Tole ware returns to popularity

Photo provided | Tole ware, like this beautifully painted tray, is increasingly popular among collectors.

INDIANAPOLIS – American tole ware stands as a bright and colorful tribute to the art and craftsmanship of the 19th century.

With a sheet of thin steel, the artists of the early 1800s created art in the spirit of the Pennsylvania Dutch. Their wares have a great crossover appeal in the world of collecting, being appreciated both as a decorative art and a form of folk art. Once stored away and dismissed as outdated, we are seeing a resurgence in collecting of both the 19th century pieces and their 20th century counterparts

The term tole finds its origin in the French term "tole peinte," which means "painted sheet metal." The process, which involves dipping sheets of metal into molten tin or pewter, produces a rust-proof foundation to which paint can be applied. Utilitarian ware with tole painting was popular throughout Europe in the 17th and 18th centuries.

German immigrants who settled in Pennsylvania are credited with introducing tole ware to America. They found lacquered housewares the perfect canvass for their work, adding flowers, fruit and beautiful geometric designs and sometimes the local townsmen. These early wares (1800-1850) were painted with a black, orange, a dark blackish- red or cream colored background. The surface of the pieces was left unvarnished, giving their surface a dull matte finish.

Yankee peddlers originally sold tole ware to the public. Many of these peddlers traveled great distances, taking their wares across the country. Due to its artistic appeal and practically, thousands of pieces of tole ware were sold nationwide. Sadly, many of the very early examples are found in poor shape due to their heavy use. The rarity of these pieces has driven realized pricing to a new high. A recent online search revealed a set of canisters listed for $1,100 and trays ranging from $400 to $600.

Post-1850s tole will often be stenciled and many of the wares will have a wide gold band around the edge or a thin gold line around the pattern itself. These pieces will be easier to find and more moderate in price. Boxes, teapots, sugar bowls, trays and coffee pots are common finds.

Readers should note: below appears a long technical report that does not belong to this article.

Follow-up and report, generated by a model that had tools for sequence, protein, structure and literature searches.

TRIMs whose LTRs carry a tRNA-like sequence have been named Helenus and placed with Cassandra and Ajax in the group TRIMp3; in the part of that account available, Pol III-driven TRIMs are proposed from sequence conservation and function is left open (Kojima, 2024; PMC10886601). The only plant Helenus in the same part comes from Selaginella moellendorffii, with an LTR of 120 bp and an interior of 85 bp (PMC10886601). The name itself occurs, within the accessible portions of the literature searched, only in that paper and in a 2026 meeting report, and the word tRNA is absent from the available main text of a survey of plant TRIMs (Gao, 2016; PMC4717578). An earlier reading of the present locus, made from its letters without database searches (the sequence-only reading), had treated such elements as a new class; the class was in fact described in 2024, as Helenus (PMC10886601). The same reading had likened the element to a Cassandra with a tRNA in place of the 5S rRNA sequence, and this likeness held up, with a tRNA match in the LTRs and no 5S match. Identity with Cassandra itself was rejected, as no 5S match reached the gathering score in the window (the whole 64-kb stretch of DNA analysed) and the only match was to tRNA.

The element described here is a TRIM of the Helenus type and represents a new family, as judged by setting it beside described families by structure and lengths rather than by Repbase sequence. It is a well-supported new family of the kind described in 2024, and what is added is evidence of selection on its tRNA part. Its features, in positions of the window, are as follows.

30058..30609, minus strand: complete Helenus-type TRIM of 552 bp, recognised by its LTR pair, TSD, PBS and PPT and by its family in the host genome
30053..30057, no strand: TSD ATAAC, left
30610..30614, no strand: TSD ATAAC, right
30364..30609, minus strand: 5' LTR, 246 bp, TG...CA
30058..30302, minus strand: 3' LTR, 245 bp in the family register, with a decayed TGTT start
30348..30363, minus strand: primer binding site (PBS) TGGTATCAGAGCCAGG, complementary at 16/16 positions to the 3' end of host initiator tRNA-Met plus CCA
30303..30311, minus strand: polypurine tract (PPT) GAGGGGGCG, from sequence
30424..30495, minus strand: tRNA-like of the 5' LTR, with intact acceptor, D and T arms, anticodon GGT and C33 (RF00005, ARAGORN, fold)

From 1920 to 1940, the US market experienced a large amount of import from Mexico and China. These reproductions are of interest to casual collectors who find their $30 to $70 price range less of a stretch than the pricing for 1800's original works. While these reproduction pieces often used the same techniques, patterns and color mixes as early American made tole ware, they are of little interest to serous collectors.

"Modern" tole ware, produced in the 1950s and 1960s, is finding an audience with the Millennials. A variety of pieces were produced by American companies including Plymouth, Nashco, Pilgrim and Fine Arts Studio. Many of these will still have their paper tag in place. Pitchers, mini-trays, wastebaskets and stacking tables are common finds.

Large "Studio Trays" from this era are currently in high demand with vintage collectors and decorators. You will be able to identify them by the one stroke painting method used in applying their decoration. Using a fully "loaded" brush the motifs on these pieces are applied, as the name implies, with one stroke. They will be bold in color and very high relief. On rare occasion you will find a Studio Tray that is signed by the artist. The presence of a signature from Paul Dennis or Fred Austin will add considerably to value.

Prices for these trays are highly effected by condition. Mint condition trays are currently bringing $130 to $170. But note, the presence of rust, dents or missing paint can reduce that price tag to under $20!

Until next time, Linda


Linda Kennett is a professional liquidation consultant specializing in downsizing for seniors and the valuation of estates and may be reached at 317-258-7835 or